When Our Kids Face Discrimination for Our Relationships

In an ideal world, no one would hurt our kids because of our choices. As we’ve noted before, the world is far from ideal. If we are open about our relationships (and sometimes even if we aren’t) people’s ignorant reactions to polyamory can cause problems for our children. We need to be ready to help them cope with this discrimination, and to respond ourselves when appropriate.

Discrimination from Peers

Being different is hard for kids. That’s true at any age. I remember in 2nd grade a teacher taught my class about adoption. I ended up singled out as the only adopted kid in my class. For about a week, I fielded rude, ignorant questions and curiosity.

In 5th grade, a girl from India joined our (all white) class. I don’t know how much her being alone on the playground was just being the new girl, and how much was being different. But I distinctly remember when she and I became friends, my mother warning me it wasn’t good to become close to her. It would just separate me further from the rest of my class, she said.

And being different as a teenager is just plain hell, any way you slice it.

Our children may face rude or nasty questions about their family. They may be ostracized. They may have people pretend to be their friends only to turn around and make fun of them later.

There isn’t much we can do to protect our children from their peers. In some cases, opening your home can help. Letting their peers come visit and become familiar with their family will make our children stand out less. In these situations “contempt” for the familiar has its advantages.

Depending on what kind of discrimination they face, we can give our children tools to deal with it. Ways to respond to rude questions, taking the time to help them connect with peer groups that don’t ostracize them. They have no friends at school? Get them involved in community service groups, after school activities, 4-H, or whatever.

If at all possible, one of the best things we can do is help them connect with other children in polyamorous families. Let them see that they are not alone, that there are other kids like them, and let them share coping strategies with each other. It goes a long way!

Discrimination from Adults

The most immediately hurtful discrimination our kids face will likely be from peers. But while other children tend to be down on anyone who is different, adults are more likely to be driven by active prejudice and bigotry. (Note: I say more likely—some adults will still just be idiots, and some kids will be bigots).

Adults in a kid’s world tend to be authority figures. This means minor interactions and decisions they make can have a much larger impact on our kids lives. What kind of impact depends on the adult’s relationship with our kids.

Relatives: Discrimination from relatives is most likely to come in the form of nasty comments and gossip, refusal to acknowledge your significant others, and refusal to allow your significant others in their home. We have more leverage over relatives than most adults– “Your talk about my SO has been hurting Dave. I really don’t care what you think about my relationships, but if you can’t stop the nasty comments and gossip, I will not allow Dave to visit anymore.”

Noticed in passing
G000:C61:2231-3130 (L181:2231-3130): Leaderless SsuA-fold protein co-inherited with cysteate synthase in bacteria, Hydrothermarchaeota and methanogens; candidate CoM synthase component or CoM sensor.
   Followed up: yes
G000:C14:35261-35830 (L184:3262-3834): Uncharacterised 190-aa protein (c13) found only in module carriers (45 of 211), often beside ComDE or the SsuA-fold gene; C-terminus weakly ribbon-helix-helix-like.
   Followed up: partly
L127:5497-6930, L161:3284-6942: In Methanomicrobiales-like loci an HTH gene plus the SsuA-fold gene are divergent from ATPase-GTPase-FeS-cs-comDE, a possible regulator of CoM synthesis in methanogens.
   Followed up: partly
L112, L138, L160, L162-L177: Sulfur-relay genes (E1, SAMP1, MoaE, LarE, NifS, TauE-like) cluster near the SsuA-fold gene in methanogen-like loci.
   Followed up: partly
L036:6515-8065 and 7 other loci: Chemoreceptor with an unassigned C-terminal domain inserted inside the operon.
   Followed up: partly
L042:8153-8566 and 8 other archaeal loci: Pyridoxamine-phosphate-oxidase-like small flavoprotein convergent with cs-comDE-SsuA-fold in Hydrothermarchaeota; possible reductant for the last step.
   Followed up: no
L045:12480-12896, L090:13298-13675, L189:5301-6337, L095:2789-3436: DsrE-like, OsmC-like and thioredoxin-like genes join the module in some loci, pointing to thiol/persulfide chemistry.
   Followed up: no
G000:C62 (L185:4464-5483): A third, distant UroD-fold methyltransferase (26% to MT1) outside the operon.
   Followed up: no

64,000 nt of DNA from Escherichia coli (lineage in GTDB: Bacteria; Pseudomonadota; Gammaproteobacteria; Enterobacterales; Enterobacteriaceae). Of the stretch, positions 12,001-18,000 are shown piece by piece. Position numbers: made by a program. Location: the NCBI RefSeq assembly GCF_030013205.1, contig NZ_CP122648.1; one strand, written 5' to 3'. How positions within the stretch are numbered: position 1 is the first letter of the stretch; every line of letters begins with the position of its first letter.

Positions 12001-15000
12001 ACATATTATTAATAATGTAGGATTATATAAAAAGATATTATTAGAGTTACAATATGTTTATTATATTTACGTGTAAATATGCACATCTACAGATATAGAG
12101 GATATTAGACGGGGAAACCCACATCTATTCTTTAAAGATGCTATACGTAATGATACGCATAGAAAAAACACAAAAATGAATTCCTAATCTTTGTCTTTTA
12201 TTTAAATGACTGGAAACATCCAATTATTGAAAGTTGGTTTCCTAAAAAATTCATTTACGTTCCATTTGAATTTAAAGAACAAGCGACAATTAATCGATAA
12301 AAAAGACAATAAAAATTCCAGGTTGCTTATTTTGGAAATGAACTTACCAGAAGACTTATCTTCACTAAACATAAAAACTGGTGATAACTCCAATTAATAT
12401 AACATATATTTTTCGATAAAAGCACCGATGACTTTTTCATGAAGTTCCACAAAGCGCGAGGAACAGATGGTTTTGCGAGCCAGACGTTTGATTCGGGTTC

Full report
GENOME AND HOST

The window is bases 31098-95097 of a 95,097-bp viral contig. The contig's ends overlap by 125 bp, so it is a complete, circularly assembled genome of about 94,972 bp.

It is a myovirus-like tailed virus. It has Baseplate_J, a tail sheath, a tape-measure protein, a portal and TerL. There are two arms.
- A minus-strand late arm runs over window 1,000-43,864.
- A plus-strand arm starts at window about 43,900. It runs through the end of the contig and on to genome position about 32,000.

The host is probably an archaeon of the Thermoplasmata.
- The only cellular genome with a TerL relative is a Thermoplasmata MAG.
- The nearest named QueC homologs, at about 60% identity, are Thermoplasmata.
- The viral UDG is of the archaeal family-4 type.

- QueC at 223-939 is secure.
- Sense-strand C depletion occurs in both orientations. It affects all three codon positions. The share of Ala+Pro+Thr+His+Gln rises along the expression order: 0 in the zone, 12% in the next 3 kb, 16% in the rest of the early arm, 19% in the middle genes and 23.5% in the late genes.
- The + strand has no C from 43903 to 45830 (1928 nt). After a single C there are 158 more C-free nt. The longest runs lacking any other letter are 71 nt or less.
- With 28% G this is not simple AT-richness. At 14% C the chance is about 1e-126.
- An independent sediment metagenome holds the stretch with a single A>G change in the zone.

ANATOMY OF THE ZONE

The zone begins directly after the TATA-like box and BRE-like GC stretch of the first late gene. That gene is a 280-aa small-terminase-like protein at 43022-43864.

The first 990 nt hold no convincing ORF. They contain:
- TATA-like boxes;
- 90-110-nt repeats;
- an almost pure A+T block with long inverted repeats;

While most relatives are decent enough not to use it, in many places your relatives also have a very scary bit of leverage to use on you. Custody battles. If you think your relatives might try taking your children b/c of your relationships, check local laws in your area before putting your foot down.

Family therapy can also be a helpful option in getting relatives to back off if you can find a poly-friendly therapist. In hindsight, my mother’s refusal to try family therapy was a clue that we would never have a healthy relationship. I eventually got a court order for family therapy, but the reality is it wasn’t going to help any when she wasn’t willing to be there.

Authority Figures: Teachers, coaches, religious figures and other adults often have authority over our kids. When these authority figures are bigots, or just ignorant and ill-informed, they can cause problems. Some problems can be bureaucratic—Jean wants Mama Dawn to pick her up after school, but the school requires pick up by legal guardians only. Some problems are social—teachers whose approach to teaching about family is normative and excludes non-nuclear families. This will not only hurt our children in the classroom, but set them up for more problems with their classmates. One solution: approach the teach (or go over their head to the school) about a diverse family day. Chances are that at least one (and possibly several) kids in your child’s classroom have divorced parents, blended families, are being raised by another relative, or have two moms or two dads. You might arrange with the school for non-nuclear families to discuss how their family works.

Religious figures are potentially the most damaging, but also the easiest to avoid. If the local pastor, rabbi, or whatever doesn’t approve and makes their disapproval known in a way that harms your kids, you can switch to a different religious community. Depending on where you live, this choice may lead to social challenges with relatives or neighbors. You’ll need to decide if the disapproval of your relatives for switching churches is worth getting your kids away from a discriminatory pastor. Whether or not it is worth it will largely depend on just how discriminatory the pastor is.

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